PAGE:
The argument for an immediate reduction of the German debt which makes the deepest impression on the average person is not the one concerned with the mechanics of international payment, nor that dealing with restoration of German credit. It is the argument that a man confronted with an impossible debt will make no effort to pay it. But if impossible means impossible from the point of view of the German taxpayer, what is to be said of the debts which the French taxpayer faces? If, on the other hand, it means impossible from the point of view of international payments, is it believable that the average German is acutely conscious of the difficulties of that highly technical question? What weighs on popular psychology is taxation, and the prospect of future taxation, rather than any technical obstacles to the transfer of wealth across frontiers. There is no peace for Europe in the conception that the German is crushed by the thought of future difficulties with the export surplus but that the Frenchman is able to view his present and future tax bills with equanimity.
Certainly the psychology of the Germans should not be ignored. Nor, on the other hand, should the psychology of the French. But the latter has been ignored--and many solid facts along with it. Many people who in general sympathize with France regard her policy in occupying the Ruhr as unwise. They instinctively appreciate the situation, but they do not clearly understand it. For if the French have acted as a normal man would act were he in the Frenchman's shoes, then a clear comprehension of that fact would lead, not to the judgment that the French policy was unwise, but to the judgment that it was inevitable. And from that point a search would proceed for the means of removing the causes of the occupation.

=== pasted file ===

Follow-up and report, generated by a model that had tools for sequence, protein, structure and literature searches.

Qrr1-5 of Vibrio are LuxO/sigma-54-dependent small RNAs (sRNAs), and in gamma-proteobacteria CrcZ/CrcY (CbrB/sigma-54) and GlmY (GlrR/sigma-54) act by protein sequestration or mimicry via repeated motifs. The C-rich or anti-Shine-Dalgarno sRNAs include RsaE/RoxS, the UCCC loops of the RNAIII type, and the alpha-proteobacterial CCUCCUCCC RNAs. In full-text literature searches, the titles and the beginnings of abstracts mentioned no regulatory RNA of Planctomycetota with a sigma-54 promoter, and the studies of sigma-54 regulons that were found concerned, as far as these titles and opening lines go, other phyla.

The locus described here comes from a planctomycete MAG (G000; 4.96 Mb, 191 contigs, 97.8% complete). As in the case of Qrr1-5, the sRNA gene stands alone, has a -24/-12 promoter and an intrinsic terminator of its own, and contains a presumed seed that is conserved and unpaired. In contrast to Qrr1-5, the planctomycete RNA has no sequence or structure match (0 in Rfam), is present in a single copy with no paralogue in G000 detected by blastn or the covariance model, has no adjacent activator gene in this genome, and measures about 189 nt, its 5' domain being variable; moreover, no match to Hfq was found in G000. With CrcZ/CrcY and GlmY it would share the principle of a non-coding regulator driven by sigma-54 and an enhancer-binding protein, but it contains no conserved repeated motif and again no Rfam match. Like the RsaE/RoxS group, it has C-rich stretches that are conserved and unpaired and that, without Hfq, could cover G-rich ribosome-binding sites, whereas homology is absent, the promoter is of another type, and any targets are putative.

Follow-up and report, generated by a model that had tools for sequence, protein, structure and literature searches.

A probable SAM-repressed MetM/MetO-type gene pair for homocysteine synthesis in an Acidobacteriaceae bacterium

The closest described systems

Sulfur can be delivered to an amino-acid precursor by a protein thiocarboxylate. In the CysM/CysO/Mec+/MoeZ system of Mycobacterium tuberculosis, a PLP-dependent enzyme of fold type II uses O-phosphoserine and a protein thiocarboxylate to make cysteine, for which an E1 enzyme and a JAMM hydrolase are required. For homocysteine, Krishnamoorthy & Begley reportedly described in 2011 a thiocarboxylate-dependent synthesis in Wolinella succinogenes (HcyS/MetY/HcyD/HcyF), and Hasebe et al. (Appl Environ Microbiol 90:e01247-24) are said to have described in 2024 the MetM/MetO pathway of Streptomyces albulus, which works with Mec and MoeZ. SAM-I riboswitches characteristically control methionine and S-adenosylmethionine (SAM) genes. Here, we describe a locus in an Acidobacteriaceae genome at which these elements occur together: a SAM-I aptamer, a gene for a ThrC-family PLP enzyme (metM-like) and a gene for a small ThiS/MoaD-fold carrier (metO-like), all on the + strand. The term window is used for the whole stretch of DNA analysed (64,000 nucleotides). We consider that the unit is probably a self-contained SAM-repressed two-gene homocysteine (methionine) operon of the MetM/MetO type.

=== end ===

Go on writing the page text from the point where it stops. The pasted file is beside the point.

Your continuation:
It can scarcely be doubted that the Ruhr was seized primarily as a pledge and not as a means of getting current reparation payments. It has been predicted that a failure to realize a profit on the occupation would bring the French out of the Ruhr. It seems likely, on the contrary, that so long as the basic causes for the occupation remain such a contingency will only strengthen the French in their conviction that the pledge must be retained. The French seized the Ruhr because they were unable to view their problems with scientific detachment,--because, too, they had not learned to trust the Germans and because they were profoundly disquieted by the attitude of the Allies. In having so soon withdrawn evidences of moral support and of sympathetic understanding of French problems, the United States and Great Britain put an unbearable strain on human nature. The key to a peaceful settlement lies in making it clear to the French that they have that support and that their difficulties are comprehended.